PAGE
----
Getting Started

In the beginning of this section, there are several labs that will teach students the anatomy of a microscope, as well as its proper usage and care.  Students will practice mounting different types of slides, and then record the data viewed through the microscope.  Finally, students will understand how to calculate magnification power using the objective lens and the eye piece.

Labs in this unit focus in plant life, including plant structure, needs and functions.  Students will learn names and functions of plant parts such as stem, root, leaves, and flower and their relationship to plant survival.  Focus will also be on the movement of water and nutrients into an out of a plant, as students learn the processes of osmosis and photosynthesis.  In these labs, students will build tools such as the Berlese Funnel, the Insect Aspirator, and several columns for observation of plant and insect life in different eco systems.

Here are the scientific concepts:

  • Organisms in ecosystems exchange energy and nutrients among themselves and with the environment.
  • Energy entering ecosystems as sunlight is transferred by producers into chemical energy through photosynthesis, and then from organism to organism in food webs.
  • Over time, matter is transferred from one organism to others in the food web, and between organisms and the physical environment.
  • Populations of organisms can be categorized by the functions they serve in an ecosystem.
  • Different kinds of organisms may play similar ecological roles in similar biomes.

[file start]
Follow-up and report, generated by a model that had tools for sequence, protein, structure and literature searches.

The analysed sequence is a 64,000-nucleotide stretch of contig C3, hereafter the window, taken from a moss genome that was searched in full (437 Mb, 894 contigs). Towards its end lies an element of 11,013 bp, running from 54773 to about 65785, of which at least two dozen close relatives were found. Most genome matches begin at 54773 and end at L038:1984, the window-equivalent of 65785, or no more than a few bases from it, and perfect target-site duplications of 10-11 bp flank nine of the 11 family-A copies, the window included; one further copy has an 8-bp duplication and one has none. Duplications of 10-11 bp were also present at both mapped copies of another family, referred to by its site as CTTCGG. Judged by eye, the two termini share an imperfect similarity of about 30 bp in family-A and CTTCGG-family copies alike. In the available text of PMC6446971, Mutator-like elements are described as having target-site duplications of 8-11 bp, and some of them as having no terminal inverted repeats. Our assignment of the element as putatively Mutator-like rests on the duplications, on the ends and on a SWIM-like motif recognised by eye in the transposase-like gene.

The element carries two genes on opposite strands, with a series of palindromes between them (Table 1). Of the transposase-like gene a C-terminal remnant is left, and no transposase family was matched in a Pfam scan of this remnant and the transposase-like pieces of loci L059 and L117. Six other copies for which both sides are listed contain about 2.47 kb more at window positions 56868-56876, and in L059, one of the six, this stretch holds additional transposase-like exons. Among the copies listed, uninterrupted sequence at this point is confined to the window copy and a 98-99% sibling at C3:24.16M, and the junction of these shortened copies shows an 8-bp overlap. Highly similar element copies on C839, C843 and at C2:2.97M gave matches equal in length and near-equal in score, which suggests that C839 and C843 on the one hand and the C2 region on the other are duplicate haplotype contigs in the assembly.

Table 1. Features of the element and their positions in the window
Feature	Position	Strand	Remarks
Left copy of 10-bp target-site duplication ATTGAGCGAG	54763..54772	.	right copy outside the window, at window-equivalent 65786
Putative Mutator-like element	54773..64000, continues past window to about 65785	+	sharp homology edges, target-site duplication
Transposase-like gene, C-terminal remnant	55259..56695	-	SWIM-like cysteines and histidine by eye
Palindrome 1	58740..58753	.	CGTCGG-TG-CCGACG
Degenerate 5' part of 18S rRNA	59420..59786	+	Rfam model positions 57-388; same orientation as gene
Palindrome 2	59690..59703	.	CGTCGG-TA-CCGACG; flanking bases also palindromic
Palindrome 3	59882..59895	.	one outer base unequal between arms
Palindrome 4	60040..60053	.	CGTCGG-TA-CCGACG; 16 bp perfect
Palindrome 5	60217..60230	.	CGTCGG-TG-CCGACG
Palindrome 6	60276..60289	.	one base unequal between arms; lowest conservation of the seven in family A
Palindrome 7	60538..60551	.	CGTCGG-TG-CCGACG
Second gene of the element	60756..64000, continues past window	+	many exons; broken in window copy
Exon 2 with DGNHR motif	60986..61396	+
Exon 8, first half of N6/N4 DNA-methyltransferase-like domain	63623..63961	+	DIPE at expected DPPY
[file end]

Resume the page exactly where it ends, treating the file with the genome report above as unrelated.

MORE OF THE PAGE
• The number and types of organisms an ecosystem can support depends on the resources available and abiotic factors, such as quantity of light and water, range of temperatures, and soil composition.

By the end of the labs in this unit, students will be able to:

  • Design and build a water cycle column, a terraqua column, an insect aspirator, a Berlese funnel, a waterscope, a hydrometer, an eco column, and a carnivorous greenhouse.
  • Know how to demonstrate how to use and care for a microscope, how to mount slides, and how to record data viewed through a microscope.
  • Understand how to determine the parts and functions of plants, the effects of osmosis, the stages of mitosis, the components of an eco system, the characteristics of worms and the genotypes and phenotypes of offspring.
  • Differentiate observation from inference (interpretation) and know scientists’ explanations come partly from what they observe and partly from how they interpret their observations.
  • Measure and estimate the weight, length and volume of objects.
  • Formulate and justify predictions based on cause-and-effect relationships.
  • Conduct multiple trials to test a prediction and draw conclusions about the relationships between predictions and results.
  • Construct and interpret graphs from measurements.
  • Follow a set of written instructions for a scientific investigation.

Select a Lesson

How to Use a Microscope: Optics, Observing, and Drawing Techniques